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Marquis Browdy, a senior communications major who is interning with Belhaven’s Communications Department, wrote this Inside Belhaven blog entry after interviewing three of our international students.

“To serve, not to be served” from Matthew 20:28 is Belhaven University’s motto and Belhaven continues to be an institution that accommodates all people, denominations, and cultures. The University’s enrollment in Jackson includes 84 international students, up from 51 students a year ago. Students from 28 countries are studying on the Jackson campus with the largest groups from Brazil, South Korea, Columbia, United Kingdom, Africa, and France. International students attend Belhaven for many reasons, which range from degrees, sports, and the arts to the Christ-centered education and worldview curriculum.

Belhaven University recruits through sports, countrywide student exchange programs, an increasing web presence and even broadcasting. For instance, many of our South Korean students heard of Belhaven through the Far East Broadcasting Company (FEBC) where ads about Belhaven are played throughout South Korea. Other organizations such as the “Hendrix Consortium” allow African students from Rwanda to attend Belhaven through the Rwandan Presidential Scholarship program.

This blog entry focuses on the perspective of students and how they are adjusting to the U.S. customs and culture. In this interview I also discussed their adjustments to the U.S., the difference they have noticed between cultures and their plans after graduation.

 

Haeun Lee

She is a freshman and communications major from Seoul, South Korea.

How did you discover Belhaven University?

“We have a program for students called International Program Barom (IPB), where we can choose to go to any school in America. I chose Belhaven because I heard from a former students from Korea tell me it’s the best university and the students are really kind, and I think that they’re right.”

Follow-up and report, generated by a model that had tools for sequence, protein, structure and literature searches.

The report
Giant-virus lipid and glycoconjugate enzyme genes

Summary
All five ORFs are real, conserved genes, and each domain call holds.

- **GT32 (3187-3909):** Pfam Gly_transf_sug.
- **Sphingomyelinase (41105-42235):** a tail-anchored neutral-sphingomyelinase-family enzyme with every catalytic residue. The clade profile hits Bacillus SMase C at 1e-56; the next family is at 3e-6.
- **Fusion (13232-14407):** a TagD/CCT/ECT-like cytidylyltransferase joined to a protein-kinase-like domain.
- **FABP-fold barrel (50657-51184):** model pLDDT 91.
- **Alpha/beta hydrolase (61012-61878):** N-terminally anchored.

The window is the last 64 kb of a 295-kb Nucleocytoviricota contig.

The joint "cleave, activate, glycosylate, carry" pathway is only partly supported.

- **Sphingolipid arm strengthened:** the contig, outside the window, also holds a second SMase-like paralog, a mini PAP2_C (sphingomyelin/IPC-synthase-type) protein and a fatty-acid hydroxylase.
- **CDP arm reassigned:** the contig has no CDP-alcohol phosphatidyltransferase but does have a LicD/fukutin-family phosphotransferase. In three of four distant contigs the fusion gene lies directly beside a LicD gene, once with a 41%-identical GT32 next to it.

How has your adjustment been adapting to the U.S.?

“Actually I didn’t experience culture shock. I really like it here because there a lot of events that I can’t participate in Korea, like Homecoming, we don’t have that in Korea.”

How is Belhaven different from your school in South Korea?

“At Belhaven there is a lot of homework. We don’t have a lot of homework in Korea, it is just more hands-on in class. And we also don’t have events like homecoming or dances; also there are a lot of breaks here. We only have summer and winter break, along with “Chusuk”, it’s the Korean Thanksgiving.”

What has your experience been like at Belhaven?

“Since coming to Belhaven I’ve experienced my very first football game. I also love that Belhaven is a Christian university. I get to participate in RUF and I also get to help out in Chapel.”

How do you think you can benefit from attending Belhaven University in America?

“I want to be a producer, so I wanted to learn more in that field, I also wanted to meet new people. I want to experience a lot of new and different things that I couldn’t experience in Korea. In Korea there are only Koreans, but in the United States there are many people and many different cultures.”

What are you planning on doing after Belhaven?